Two Kingston projects years in the making marked significant milestones this week, taking important steps toward their larger ambitions. In doing so, they provided clues about the new directions toward which the Ulster County economy is evolving. They are harbingers of change.
On Monday, architect Scott Dutton’s 68,944-square-foot Fuller building at 45 Pine Grove Avenue hosted mayor Steve Noble’s announcement of the expansion of software company Exago. A longtime occupant of office space on the corner of Wall and John streets, Connecticut-headquartered Exago is moving its Kingston jobs to the Fuller building. It will occupy 8800 square feet on the third floor of the totally renovated former historic needle-trades and hat-making plant, formerly one of Kingston’s largest factories employing hundreds of people. Exago, which currently employs 63 people between its two locations, said it will employ 40 people in its new Kingston space and expects to add 25 more in the next two years.
On Tuesday, developer Charles Blaichman formally opened the Hotel Kinsley, Kingston’s first boutique hotel, at the former bank building at 301 Wall Street in the Stockade — directly across John Street from the space Exago will now be vacating. The hotel portion of the Kinsley will be opening in the coming weeks and is now accepting reservations. The vision behind the place is in diametric contrast to the now-numerous standard cookie-cutter chain hotels in the Kingston-Saugerties corridor, where all the guest rooms are almost identical. Blaichman said that the Kinsley room rates start at $250 per night. Later in the summer Fare & Main, a take-out and provisions market, and a wood-fired pizza restaurant called Lola’s, is expected to open opposite the county office building on Fair and Main streets.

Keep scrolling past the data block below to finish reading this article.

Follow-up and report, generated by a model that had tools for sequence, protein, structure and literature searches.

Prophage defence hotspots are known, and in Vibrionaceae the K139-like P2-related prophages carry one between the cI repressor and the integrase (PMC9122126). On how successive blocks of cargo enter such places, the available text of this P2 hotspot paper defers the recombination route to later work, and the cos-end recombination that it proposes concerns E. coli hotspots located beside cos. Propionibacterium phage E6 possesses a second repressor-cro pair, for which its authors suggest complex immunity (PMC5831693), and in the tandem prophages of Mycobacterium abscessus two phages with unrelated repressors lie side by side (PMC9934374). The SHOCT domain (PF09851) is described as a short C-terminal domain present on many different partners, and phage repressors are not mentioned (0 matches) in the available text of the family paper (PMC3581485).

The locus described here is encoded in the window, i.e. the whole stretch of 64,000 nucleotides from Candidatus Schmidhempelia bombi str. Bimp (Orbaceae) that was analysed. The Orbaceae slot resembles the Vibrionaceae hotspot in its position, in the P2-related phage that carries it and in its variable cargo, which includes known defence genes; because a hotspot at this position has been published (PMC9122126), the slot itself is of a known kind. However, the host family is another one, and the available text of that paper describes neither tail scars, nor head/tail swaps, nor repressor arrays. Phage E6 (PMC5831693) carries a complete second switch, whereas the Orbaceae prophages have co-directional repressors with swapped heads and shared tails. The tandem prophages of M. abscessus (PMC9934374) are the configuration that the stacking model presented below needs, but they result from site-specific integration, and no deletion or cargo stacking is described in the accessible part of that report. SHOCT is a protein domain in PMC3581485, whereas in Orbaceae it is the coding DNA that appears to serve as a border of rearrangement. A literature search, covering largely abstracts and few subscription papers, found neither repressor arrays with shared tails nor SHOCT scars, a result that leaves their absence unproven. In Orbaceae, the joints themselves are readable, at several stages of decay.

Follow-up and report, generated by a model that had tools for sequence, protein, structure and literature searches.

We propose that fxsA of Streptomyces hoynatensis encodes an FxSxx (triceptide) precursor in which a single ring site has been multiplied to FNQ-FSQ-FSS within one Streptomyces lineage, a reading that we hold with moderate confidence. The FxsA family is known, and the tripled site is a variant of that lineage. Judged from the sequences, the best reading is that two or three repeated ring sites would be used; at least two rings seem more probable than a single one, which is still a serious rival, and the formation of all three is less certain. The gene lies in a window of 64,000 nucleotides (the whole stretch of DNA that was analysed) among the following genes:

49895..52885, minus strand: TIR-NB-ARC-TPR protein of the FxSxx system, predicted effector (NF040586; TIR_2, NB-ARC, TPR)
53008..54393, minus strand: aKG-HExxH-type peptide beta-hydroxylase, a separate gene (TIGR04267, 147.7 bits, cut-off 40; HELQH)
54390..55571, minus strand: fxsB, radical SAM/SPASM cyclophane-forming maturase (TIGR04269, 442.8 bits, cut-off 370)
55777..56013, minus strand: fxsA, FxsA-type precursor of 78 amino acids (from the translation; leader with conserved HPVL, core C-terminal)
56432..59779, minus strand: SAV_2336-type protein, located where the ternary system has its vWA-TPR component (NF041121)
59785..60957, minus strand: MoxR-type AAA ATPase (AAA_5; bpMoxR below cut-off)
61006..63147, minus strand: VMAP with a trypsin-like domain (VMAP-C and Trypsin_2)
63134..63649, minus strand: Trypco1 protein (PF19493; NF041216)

While patiently fixing the distressed, cavernous, more-than-century-old Fuller building for the past two years, Dutton and his staff have been seeking tenants, mostly using word of mouth. Working without real-estate professional help, they have succeeded in signing up a mix of Kingston businesses, individual entrepreneurs, and people relocating from other places around the country.
All the space is now spoken for. Dutton estimates that it’ll take another half-year for the first- and third-floor spaces to be fitted out and all the tenant operations to be in place. At the Monday press conference, he said the increase in the number of creative people in midtown Kingston in the past three years “has just astounded me.”
The 49-seat restaurant on the ground floor of the Hotel Kinsley was very busy last Saturday night, though the place wasn’t formally open yet. Newly hired waitstaff hurried around the informal-looking but carefully designed space.
The restaurant entrance is on Wall Street, while the hotel guests can enter through a door around the corner on John Street. There are four guest rooms on the second floor, including a luxurious multi-room suite, and six on the third floor. The rooms have been appointed with the help of an interior designer, and each is quite distinctively appointed. Blaichman said that several Ulster County people had recently expressed interest to him in renting rooms for staycations.